- The Washington Times - Friday, February 9, 2007

The color red, widely considered the world’s most provocative color, explosively inspires the Textile Museum’s current exhibit “Red.” Illustrating the color’s importance over centuries and continents with 21 rare textiles ranging from Asia to America, the museum demonstrates the color’s dynamic implications and uses.

Red’s importance goes back to the exhibit’s oldest weavings. Two Peruvian, pre-Columbian, 2,500-year-old textile fragments depict fanged, godlike figures and show red’s early associations with religion and power.

Fortunately, the country’s dry, southern areas of the advanced Chavin culture preserved them.

Exhibit curator Rebecca Stevens further demonstrates that red’s power doesn’t falter even now. For example, she mounted American-German artist Thomas Cronenberg’s magnetic self-portrait “Identity Series: Tommy USA” in which he uses red to characterize his heterosexual and homosexual worlds.

A humorous twist on his Americanness is his picturing himself in a Tommy Hilfiger sweatshirt.

“There is a sense of urgency about red which is appropriate to the emotionally charged content of the piece,” Mr. Cronenberg writes in the adjunct wall label. “Another aspect is that red is associated with the sensual, the erotic and vice and many people think in those terms when they hear the word ‘gay,’ so that was another reason to use red.”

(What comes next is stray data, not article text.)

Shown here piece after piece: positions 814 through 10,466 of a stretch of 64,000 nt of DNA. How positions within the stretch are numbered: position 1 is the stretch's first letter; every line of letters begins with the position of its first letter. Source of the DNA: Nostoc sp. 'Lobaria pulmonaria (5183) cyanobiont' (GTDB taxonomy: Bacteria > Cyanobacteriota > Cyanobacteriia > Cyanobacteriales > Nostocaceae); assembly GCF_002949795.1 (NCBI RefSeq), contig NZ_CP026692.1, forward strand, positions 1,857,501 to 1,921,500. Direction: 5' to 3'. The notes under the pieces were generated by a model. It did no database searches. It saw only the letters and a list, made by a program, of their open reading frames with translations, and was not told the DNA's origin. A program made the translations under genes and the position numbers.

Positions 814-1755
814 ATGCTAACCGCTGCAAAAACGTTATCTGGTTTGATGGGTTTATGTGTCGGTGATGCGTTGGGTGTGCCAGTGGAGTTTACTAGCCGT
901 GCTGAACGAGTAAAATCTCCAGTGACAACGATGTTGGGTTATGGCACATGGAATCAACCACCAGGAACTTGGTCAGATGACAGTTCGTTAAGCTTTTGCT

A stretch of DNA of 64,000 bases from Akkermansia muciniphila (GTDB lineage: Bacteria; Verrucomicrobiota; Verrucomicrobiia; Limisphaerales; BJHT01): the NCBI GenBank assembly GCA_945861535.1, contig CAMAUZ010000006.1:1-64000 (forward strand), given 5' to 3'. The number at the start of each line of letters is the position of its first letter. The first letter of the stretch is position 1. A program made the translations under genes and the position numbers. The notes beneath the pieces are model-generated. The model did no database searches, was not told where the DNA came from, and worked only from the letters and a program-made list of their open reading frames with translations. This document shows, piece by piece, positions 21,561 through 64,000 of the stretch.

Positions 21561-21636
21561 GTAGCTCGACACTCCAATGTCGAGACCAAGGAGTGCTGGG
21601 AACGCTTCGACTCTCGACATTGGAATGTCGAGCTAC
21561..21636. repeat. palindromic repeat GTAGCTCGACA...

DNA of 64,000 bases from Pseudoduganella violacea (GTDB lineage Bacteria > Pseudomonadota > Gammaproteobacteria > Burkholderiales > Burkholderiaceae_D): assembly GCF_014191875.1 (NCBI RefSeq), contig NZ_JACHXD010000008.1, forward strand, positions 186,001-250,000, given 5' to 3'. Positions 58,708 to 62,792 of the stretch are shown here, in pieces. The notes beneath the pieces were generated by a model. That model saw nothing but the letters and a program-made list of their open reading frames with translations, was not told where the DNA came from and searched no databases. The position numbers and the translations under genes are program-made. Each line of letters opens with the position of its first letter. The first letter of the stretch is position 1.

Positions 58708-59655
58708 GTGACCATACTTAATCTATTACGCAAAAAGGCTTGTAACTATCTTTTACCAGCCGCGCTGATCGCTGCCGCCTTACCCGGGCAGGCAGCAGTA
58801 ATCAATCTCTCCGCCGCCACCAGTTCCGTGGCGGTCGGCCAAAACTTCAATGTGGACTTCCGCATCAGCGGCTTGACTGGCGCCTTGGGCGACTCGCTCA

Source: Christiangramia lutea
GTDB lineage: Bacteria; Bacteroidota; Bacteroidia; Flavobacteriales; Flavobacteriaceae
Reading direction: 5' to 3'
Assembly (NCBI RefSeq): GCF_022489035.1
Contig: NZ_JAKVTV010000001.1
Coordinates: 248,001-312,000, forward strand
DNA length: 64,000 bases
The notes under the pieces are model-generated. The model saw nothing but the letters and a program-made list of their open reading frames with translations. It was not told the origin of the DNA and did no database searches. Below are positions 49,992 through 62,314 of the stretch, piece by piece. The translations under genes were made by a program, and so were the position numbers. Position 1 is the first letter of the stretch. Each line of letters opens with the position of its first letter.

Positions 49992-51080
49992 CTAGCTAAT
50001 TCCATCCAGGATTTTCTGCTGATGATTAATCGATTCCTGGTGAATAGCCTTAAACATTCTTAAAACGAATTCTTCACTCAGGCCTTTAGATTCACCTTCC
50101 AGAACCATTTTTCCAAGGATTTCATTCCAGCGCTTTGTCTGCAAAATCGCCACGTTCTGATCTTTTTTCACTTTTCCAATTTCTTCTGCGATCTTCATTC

Miss Stevens emphatically says, “We want people to come here and think of their experience with red,” and, obviously, red as sexual trumpeter is familiar to most of us.

Red embodying sex couldn’t be clearer than in the show’s “Dress With Jacket,” the owner’s second wedding dress. Peggy Jennings, who also designs for first lady Laura Bush, respected the owner’s sidestepping of tradition and exploited the color choice to the fullest.

Miss Stevens shows red as fashion in the exhibit’s Japanese, early 20th-century “Kimono,” a conservative deep-blue long jacket lined with brilliant red silk. Forbidden to design red clothing during the Heian (794-1185) and Edo (1600-1868) periods, clothiers got even by “peeking” out bits of red in sleeve and neck linings.

Other cultures reveled in red, as well. A large Tashkent, Uzbekistan six-circled “Hanging (suzani)” dominates the exhibit’s far end and shimmers with its intricate, white-embroidered stitches. Piled high as wedding bedding, red was a most suitable color for it.

Another use for red, shown in an embroidered “Tunic” possibly from Macedonia, indicates its use as a fertility device and protection against the evil eye. Embroiderers used red around the garments’ openings to prevent evil spirits from entering.

Few of these textiles show activity, but the exhibit’s Coptic (Egyptian), one: Its brilliant red leopard leaping with outstretched legs and arms can still terrify.

A Safavid (Iranian), 16th-century “Textile fragment,” hung at the exhibit’s entry, is significantly gentler. From a love story-poem between “Khusraw” and “Shirin,” it tells how Farhad, Shirin’s unrequited lover and Khusraw’s rival, dies after digging a channel through a mountain to give Shirin milk.

As handsome as they are thoughtful, these textiles delight and instruct. Who would think that weavings could do this?

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